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Nashville-born feminist artist Vadis Turner tenderly traces the female experience with materials often associated with womanhood.  She uses second-hand textiles like ribbon, bedding and clothing to construct lush, provocative abstract assemblages brimming with history and contemporary lyricism.  

 

Her first museum show, "Tempest," on view at the Frist Center's Gordon Contemporary Artists Project Gallery, simultaneously celebrates and challenges traditional female roles by examining three archetypal phases of a woman's life — the young Wild Woman, the Mother, and the Elder.

 

Turner spoke with The Tennessean over email about her work and the show, on view through Sept. 10.   
 

Have you always been interested in expressing the female experience?
 

I never made a conscious decision to be an artist, let alone a feminist artist. It was what I knew how to do.  I investigated my interests and brought them into the work.
 

I studied painting as an undergraduate and am forever brainwashed to see everything as a painting, even when it’s far from that in reality. Although I don’t use a lot of paint, I consider myself to be a painter. I am really interested in transformative possibilities of domestic materials and how to use them in ways where they can be perceived as paint and communication tools.  

 

Why use abstraction to express these subjects?    
 

That's just the language I speak. I like to combine several ideas or stories with contrasting elements to generate each piece. In recent works, I edit each composition down to the most invaluable component, trying to say more with less. 
 

How important is color to your work?
 

Color is a incredibly important part of the visual vocabulary for all artists. I love how color seems to have volume, speed, pitch, taste and perceptual presence in space. I used to teach a color class at Pratt Institute, and I never tire of how thoughtful and descriptive color relationships could be.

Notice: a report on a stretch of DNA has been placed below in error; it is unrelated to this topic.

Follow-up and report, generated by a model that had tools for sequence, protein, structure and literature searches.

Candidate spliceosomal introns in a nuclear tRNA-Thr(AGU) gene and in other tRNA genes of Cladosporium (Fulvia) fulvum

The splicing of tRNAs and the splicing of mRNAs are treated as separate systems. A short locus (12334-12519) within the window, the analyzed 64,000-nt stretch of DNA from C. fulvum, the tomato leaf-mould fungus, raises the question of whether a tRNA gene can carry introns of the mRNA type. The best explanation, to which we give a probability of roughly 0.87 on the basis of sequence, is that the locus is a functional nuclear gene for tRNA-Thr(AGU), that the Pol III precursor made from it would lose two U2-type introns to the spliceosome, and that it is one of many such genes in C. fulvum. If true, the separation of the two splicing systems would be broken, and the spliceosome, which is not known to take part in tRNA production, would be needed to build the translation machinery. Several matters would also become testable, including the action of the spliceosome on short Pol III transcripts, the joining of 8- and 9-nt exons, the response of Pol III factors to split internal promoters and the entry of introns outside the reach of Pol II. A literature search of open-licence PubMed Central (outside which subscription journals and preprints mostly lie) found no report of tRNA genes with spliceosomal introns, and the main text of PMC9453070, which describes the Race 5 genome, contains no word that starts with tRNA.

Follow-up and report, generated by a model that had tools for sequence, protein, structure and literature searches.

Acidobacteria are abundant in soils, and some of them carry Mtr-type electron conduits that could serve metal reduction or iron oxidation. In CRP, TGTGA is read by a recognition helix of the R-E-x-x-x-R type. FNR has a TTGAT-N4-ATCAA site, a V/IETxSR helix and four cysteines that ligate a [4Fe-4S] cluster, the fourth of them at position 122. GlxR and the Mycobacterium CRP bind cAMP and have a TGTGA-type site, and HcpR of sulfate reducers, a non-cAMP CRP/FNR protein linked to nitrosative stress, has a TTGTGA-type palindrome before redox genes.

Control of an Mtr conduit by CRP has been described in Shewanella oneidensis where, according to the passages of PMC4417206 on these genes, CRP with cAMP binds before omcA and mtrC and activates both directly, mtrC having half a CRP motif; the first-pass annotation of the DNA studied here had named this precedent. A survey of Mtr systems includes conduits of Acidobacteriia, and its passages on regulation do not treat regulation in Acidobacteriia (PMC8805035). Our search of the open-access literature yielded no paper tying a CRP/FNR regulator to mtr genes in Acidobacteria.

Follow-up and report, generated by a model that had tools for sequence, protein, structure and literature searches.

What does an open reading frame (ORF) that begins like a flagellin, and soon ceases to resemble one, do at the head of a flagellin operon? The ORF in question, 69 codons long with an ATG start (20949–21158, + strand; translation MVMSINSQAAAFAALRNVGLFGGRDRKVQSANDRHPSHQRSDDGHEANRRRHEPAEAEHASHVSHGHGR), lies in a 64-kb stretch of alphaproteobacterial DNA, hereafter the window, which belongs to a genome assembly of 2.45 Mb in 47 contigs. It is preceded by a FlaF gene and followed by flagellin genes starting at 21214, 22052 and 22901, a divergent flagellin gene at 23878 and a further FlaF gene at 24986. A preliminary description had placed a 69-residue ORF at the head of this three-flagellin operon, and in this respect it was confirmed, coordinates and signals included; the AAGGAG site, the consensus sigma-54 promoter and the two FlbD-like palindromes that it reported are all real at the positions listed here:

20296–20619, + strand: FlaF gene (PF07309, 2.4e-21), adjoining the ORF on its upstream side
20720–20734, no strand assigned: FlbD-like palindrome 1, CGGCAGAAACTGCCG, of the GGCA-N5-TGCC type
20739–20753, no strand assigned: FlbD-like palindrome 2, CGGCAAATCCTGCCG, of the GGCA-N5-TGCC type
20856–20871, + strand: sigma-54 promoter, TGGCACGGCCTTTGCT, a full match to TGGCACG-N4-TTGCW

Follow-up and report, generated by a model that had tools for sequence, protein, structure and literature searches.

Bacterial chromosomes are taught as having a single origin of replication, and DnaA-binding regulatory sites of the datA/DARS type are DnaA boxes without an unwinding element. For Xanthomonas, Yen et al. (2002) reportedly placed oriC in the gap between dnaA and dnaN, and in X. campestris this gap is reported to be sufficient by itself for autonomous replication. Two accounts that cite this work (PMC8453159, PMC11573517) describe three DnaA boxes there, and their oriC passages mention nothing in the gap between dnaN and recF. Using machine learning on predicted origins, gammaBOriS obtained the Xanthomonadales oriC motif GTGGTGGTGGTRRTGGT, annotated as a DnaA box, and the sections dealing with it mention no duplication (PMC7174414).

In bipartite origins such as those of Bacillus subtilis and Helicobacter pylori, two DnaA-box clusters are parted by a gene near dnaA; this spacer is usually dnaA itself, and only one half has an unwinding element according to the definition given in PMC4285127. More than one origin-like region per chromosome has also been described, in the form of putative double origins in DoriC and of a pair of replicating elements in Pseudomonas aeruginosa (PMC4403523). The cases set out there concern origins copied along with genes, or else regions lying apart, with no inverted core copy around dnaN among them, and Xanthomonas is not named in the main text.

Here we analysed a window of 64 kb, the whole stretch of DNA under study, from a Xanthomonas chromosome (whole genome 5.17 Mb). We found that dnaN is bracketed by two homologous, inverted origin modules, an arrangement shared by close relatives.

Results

Your work often addresses biological aspects of womanhood.  How do you contend with the enduring controversy of these topics?
 

It is curious to me why the female system and its outputs are so uncomfortable to people. We would not exist without the processes. Is it too simple? Too obvious? Too gross? Have we evolved so much that we want to sweep these primal acts, breast feeding for example, under the rug? To be fair, I was a little uncomfortable making the work in the “Mother” series, but at the time, the female reproductive system was my true story.   

  
When did you start using mixed media in your work?


 
I took a break from painting after I graduated in 2000. I moved back home for a brief period and started to experiment with kitchen supplies from my mom’s house. Wax paper in particular has beautiful sculptural qualities. One material lead me to the next and so on. 
 

Where do you source your materials?   
 

I collect materials that women use to adorn themselves or their spaces.  Most of the works in "Tempest" are made with recycled textiles, although I do have to purchase ribbon occasionally. I incorporate clothing that my kids have outgrown. I cut up retired bedding. I am especially drawn to textiles that were made by previous generations of women, so I buy damaged hand-sewn quilts on eBay. I like the idea of reinventing the future of unwanted pieces that were made with time and care.  People give me all sorts of wild and wonderful things, too. 
 

What impact do you hope the show has on viewers?  
 

I am attracted to things that are hard to classify. I hope that the materials transcend their original association/function and that the works are seen as thought-provoking paintings. 
 

Preparing for my first museum show presented all the levels of pressure and intimidation that I have been wishing and hoping for my whole career. I am very proud of the show and incredibly thankful for this exhibition opportunity.